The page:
Grand Fir Brewing, from Whitney Burnside and Doug Adams, holds grand opening: Oregon Brews and News

Editor’s note: This is a re-publication of Andre Meunier’s Oregon Brews and News newsletter, which comes out via email at noon Thursdays. Sign up here to get it delivered to your inbox every week.

The new brewery and restaurant Grand Fir Brewing, from renowned Portland brewer Whitney Burnside and chef/restaurateur Doug Adams, is just about ready for you to go check out — it opens at noon Friday.

The wife and husband owner/operator team held an industry preview Wednesday night — it was packed, and the energy was buzzing. People are clearly curious and excited about the place in the Southeast Portland former home of West Coast Grocery Co., catty corner to Revolution Hall. Adams and Burnside have transformed the space into a quintessentially Pacific Northwest feel. Gone is the colorful modernism of West Coast Grocery; in is the understated aesthetic of forest greens and earthy appointments.

Not a surprise: Burnside’s beers are dialed in. The former 10 Barrel Brewing Portland brewmaster delivers excellence with a lineup including My Father’s Pilsner, which was about perfect, Old Growth Pale Ale, Tack Shack East Texas Lager (think modern and improved Shiner Bock), a West Coast IPA, One More Time Hazy DIPA, and Heartwood Export Stout.

I can’t find the words to describe the Grand Fir Burger I ate. It’s a double burger of Carman Ranch grass fed beef (you can get a single or vegetarian), but it’s beyond amazing. Large plates also include Fried Chicken on Texas toast with pickles, honey and hot sauce, a grilled cabbage steak, kale Caesar salad, and a blue cheese wedge, plus small plate appetizers highlighted by smoked wings, beer braised elk and crispy alpine potatoes. Suffice it to say I’ll be going back to try more of the Adams’ creations and Burnside’s beers.

Grand Fir is at 1403 S.E. Stark St. Open noon-10 p.m. Tuesday-Thursday and Sunday; noon-11 p.m. Friday-Saturday; closed Monday.

Goodbye Breakside Salted Caramel Stout, hello Barleywine

bottles of beer and a glass of beer

Breakside Brewery’s new line of Barleywine variants.Courtesy of Breakside Breweryq

Breakside Brewery over the next four months will release six variants of its new seasonal, LIFE Barleywine. LIFE replaces Salted Caramel Stout, Breakside’s longtime collaboration with Salt & Straw ice cream, as its core seasonal in 22-ounce bottles.

Every version of LIFE Barleywine — the first of which will be released Sunday, Nov. 20 — features a specialty grain from a different maltster. The brewery said Ben Edmunds, Breakside’s brewmaster, selected some of the most renowned British maltsters plus up-and-coming producers from the Northwest, and each recipe is built around the nuances of each malt. Here are the various malts in the LIFE Barleywine variants, all of which are 9.5% ABV:

  • Simpsons Malt: fifth-generation maltster from Northumberland, England
  • Thomas Fawcett: seventh-generation family maltster in West Yorkshire England, operating for more than 200 years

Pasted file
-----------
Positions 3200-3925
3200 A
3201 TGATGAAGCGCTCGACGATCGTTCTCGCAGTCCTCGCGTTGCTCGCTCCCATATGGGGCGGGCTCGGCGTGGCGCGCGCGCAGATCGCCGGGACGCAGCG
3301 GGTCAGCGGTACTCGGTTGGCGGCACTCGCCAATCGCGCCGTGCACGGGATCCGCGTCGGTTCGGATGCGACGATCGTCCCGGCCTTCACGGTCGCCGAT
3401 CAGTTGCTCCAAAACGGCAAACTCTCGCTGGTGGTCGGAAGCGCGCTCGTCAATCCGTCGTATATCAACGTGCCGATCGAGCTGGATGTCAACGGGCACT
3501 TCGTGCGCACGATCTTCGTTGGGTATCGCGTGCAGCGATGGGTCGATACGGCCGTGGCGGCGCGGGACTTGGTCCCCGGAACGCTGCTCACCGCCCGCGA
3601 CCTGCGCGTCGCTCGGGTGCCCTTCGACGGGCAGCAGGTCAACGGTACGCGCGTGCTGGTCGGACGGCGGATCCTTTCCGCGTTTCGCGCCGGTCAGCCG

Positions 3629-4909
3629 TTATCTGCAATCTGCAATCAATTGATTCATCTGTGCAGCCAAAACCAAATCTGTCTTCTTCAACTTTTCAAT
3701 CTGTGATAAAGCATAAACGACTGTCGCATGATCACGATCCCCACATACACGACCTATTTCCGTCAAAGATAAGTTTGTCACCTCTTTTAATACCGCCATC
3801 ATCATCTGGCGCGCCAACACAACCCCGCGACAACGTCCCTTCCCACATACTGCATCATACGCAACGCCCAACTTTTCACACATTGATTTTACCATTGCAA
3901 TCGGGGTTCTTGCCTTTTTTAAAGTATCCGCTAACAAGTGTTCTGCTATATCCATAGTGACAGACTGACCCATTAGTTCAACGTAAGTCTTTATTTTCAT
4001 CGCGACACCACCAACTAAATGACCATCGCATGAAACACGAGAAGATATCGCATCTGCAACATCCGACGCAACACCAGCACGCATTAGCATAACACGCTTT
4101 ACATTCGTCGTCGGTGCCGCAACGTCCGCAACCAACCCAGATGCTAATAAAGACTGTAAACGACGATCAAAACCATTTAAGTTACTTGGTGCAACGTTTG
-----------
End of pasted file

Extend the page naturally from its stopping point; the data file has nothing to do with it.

• Crisp Malt: The 10th largest malting company in the world, established in 1870, with two facilities in England
  • Minch Malt: Ireland’s oldest maltster, producing malted barley that is 100% Irish origin
  • Bairds Malt: Malting for 199 years with facilities in Scotland and England
  • Skagit Valley Malt: Malting sustainably grown grain from the Pacific Northwest, based in Washington

LIFE’s color, flavor, and malt profile will vary by batch to match the change of seasons, Breakside announced, with the first release autumnal in inspiration, copper in color and toffee-forward. “Closer to the Winter solstice, the next version will be darker with notes of roasted nuts and macerated raisins,” Breakside said. “As Spring approaches each subsequent brew will become progressively lighter in color with the nuances of the paler malts showing through.”

Bottle labels will also adapt to differentiate releases, with QR codes that lead to more information. LIFE Barleywine will be available throughout Breakside’s distribution footprint on draft and in bottles.

I’m looking forward to trying these new barleywines, which Edmunds described as straightforward and true to style. And this is normally where I’d wax nostalgic about the retirement of Salted Caramel Stout, but TBH I was never a huge fan — a rare occurrence for me as a lover of almost anything coming out of the Breakside brewhouses.

A veteran brewer leaves the industry

A smiling man in a cap sits in a bar booth with a glass of beer in the foreground.

Two years after co-founding ForeLand Beer, Sean Burke abruptly left the brewing industry.Andre Meunier/Staff

Sean Burke asked himself, what am I doing here? Is there longevity in this?

The answer was clear: After building his reputation with The Commons Brewery, Von Ebert Brewing and ForeLand Beer, Burke knew he had to leave the brewing industry. Now, the award-winning brewer is pursuing a new dream of combining his love of photography and the outdoors in a new career.

I sat down with him for a long interview to understand how and why someone at the top of their industry makes such a jarring, life-altering decision. Wise and insightful, he told me his whole story. If you missed it last Friday on OregonLive, check it out here.

Function PDX announces lineup through mid-’23

Function PDX, Northwest Portland’s beer-focused events space that showcases different breweries every month, has released a lineup for the first seven months of 2023 that features out-of-state breweries including HenHouse Brewing, Monkish and Cellarmaker Brewing of California.

The Northwest 23rd Avenue space generally invites breweries for monthlong stays. Function PDX rebrands its bar area as a taproom for the featured brewery and sells its merchandise, pours the brewery’s beers on tap as well as offering its packaged beers, and hosts events such as meet the brewers.